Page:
The Rivals: Chris Evert vs. Martina Navratilova Their Epic Duels and Extraordinary Friendship Paperback – Jun 13 2006
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From Publishers Weekly
For 16 years, Evert and Navratilova faced each other on the tennis court; they met 80 times—and 60 times in finals. Newsday columnist Howard captivatingly tells the story of how these two women came together from disparate worlds and founded a complicated though lasting friendship. Evert, the charming, ponytailed daughter of a middle-class, all-American family, captured many fans' hearts when she arrived on the scene at 16. Navratilova, on the other hand, exuded seriousness; her determined look and sturdy frame matched her history, a dramatic, heart-wrenching one that involved leaving her family behind in communist Czechoslovakia. Howard shows how Evert and Navratilova's paths slowly merged, until they finally faced each other for the first time in 1973. From then until 1988, they traded leads, with Evert winning most of the early matches and Navratilova dominating in later years (overall, Navratilova held a 43–37 advantage). Howard is equally adept at covering the athletes' personal lives (she interviewed both players) as well as their competition and divergent playing styles. She also pays homage to stars like Billie Jean King, who was committed to promoting women's tennis, so this work makes a fine contribution to the history of women in sports.
Copyright © Reed Business Information, a division of Reed Elsevier Inc. All rights reserved. --This text refers to the Hardcover edition.
Of the great individual rivalries in modern sport--Ali-Frazier, Borg-McEnroe, Nicklaus-Palmer, Chamberlain-Russell, for example--the greatest was arguably that between tennis champions Chris Evert and Martina Navratilova, who played one another in 80 singles matches (60 of them finals) during the years 1973-88, Martina winning 43 and Chrissie taking 37. As Newsday sports columnist Howard ably shows, the rivalry was epic because both were the dominant players of the time, a title was usually at stake, together they elevated the game, and, perhaps most important, their sportsmanship toward one another fully transcended their on-court battles. Howard traces each player's early development--Evert in Ft. Lauderdale, Florida, and Navratilova in the small Prague suburb of Revnice--their careers, their personal journeys, and their classic matches. She fully covers Martina's controversial relationship with lover and personal-trainer Nancy Lieberman, who helped mold Navratilova into the forceful player she became. And Howard provides sizzling reportage of Evert-Navratilova's most famous matches, including the 1985 French Open final, which Evert won 6-3, 6-7, 7-5. Highly recommended for anyone looking to understand the essence of a champion. Alan Moores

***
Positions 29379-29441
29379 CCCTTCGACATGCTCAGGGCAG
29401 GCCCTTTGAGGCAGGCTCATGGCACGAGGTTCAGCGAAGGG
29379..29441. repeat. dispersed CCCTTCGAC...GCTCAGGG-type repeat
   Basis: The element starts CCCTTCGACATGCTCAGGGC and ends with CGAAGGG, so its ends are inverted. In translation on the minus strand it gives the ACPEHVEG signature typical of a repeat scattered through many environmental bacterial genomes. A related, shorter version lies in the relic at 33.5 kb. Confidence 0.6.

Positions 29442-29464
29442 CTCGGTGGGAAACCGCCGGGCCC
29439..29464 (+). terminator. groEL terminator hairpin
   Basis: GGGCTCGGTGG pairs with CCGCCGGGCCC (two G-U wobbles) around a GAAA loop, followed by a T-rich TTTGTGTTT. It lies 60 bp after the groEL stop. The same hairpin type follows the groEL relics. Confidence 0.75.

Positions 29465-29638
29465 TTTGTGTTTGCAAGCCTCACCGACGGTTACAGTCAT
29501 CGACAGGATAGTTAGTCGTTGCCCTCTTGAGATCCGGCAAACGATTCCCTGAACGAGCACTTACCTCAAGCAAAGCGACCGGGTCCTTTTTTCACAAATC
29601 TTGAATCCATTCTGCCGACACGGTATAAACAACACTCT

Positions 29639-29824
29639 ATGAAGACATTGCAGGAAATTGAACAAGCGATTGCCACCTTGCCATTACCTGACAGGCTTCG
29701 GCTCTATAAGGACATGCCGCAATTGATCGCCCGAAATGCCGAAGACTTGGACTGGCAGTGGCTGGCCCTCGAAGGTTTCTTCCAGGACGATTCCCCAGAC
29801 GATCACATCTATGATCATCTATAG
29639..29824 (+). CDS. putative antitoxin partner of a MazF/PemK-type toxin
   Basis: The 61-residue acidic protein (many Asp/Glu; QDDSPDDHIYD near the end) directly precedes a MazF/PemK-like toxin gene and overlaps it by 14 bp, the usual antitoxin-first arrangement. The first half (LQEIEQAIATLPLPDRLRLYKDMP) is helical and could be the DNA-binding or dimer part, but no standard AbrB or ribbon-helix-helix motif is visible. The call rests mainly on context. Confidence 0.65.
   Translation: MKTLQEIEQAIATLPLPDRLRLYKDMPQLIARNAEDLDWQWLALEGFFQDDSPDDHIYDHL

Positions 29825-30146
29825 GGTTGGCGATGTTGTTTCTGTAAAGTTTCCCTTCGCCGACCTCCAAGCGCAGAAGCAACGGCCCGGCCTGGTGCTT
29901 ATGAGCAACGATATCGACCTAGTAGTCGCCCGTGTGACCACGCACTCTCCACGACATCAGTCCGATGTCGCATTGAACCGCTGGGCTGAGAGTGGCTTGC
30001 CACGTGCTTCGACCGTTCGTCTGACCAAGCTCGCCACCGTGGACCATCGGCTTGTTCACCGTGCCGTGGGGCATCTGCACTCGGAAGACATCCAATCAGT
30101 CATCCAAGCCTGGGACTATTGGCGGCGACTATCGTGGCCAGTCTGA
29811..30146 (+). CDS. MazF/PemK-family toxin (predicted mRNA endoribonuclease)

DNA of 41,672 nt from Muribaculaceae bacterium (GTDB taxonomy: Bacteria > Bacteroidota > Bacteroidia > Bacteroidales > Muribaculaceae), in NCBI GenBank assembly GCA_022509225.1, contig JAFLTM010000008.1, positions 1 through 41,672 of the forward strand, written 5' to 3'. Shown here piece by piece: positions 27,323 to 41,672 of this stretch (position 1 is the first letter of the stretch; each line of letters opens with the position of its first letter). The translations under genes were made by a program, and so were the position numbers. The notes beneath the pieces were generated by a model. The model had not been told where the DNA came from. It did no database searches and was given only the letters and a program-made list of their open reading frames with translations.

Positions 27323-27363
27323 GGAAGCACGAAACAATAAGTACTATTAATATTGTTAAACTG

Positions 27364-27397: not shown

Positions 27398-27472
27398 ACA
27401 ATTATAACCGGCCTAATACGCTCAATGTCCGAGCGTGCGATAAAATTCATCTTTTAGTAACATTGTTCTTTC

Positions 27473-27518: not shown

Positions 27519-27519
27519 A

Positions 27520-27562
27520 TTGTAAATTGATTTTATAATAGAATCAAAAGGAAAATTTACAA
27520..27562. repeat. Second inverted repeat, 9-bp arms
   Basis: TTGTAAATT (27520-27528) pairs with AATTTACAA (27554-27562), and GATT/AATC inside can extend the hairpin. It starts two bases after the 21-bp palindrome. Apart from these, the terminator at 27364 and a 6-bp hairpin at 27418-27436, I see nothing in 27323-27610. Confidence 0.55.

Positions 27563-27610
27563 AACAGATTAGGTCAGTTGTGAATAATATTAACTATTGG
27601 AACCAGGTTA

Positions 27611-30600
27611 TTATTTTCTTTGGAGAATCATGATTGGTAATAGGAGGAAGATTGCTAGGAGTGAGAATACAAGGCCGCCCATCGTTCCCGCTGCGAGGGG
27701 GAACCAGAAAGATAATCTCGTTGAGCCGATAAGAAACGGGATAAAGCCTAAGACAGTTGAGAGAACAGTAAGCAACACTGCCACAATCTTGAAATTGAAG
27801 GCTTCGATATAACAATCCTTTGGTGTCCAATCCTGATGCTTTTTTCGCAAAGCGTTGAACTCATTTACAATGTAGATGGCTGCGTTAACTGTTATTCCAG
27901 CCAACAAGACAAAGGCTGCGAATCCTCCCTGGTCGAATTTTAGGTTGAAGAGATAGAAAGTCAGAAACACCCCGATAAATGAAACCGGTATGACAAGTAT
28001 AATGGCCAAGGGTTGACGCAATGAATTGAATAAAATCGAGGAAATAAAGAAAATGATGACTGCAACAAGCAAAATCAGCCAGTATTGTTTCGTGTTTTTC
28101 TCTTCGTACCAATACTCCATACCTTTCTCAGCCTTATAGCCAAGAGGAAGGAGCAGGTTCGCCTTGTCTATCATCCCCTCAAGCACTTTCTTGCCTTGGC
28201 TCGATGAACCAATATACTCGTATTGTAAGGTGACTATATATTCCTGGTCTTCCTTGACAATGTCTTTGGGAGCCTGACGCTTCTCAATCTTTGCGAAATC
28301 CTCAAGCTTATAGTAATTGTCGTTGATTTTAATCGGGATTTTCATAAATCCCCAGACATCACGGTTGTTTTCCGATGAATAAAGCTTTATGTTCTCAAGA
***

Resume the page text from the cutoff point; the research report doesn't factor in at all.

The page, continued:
Copyright © American Library Association. All rights reserved --This text refers to the Hardcover edition.
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Most Helpful Customer Reviews on Amazon.com (beta)
Martina was the woman the press loved to hate. They hated her for saying she was a lesbian (others were but no one said so, and Billie Jean King famously tried to cover up her sexual history when confronted with a palimony suit). They hated her for looking mannish and acting like a bully against pretty girls like Chrissie and Tracey Austin. They hated her for her big mouth and her uncompromising kookiness.
No one suspected that Chrissie, as tall and dominant as Martina, was not all Pollyanna. She had her affairs, her rages, and her wild moments on tour. The women, thanks in large part to ground broken by Billie Jean, were superstars. They were as adored as many rock musicians. Chris had only to pen a short note on a napkin to land a date with Burt Reynolds, known in his heyday as a Hollywood sex machine. Martina was coached by a woman who had been a man, Renee Richards --- dated by the mercurial author Rita Mae Brown --- who put a bullet through her car windshield, and was followed by the secret police when she went on a world tour.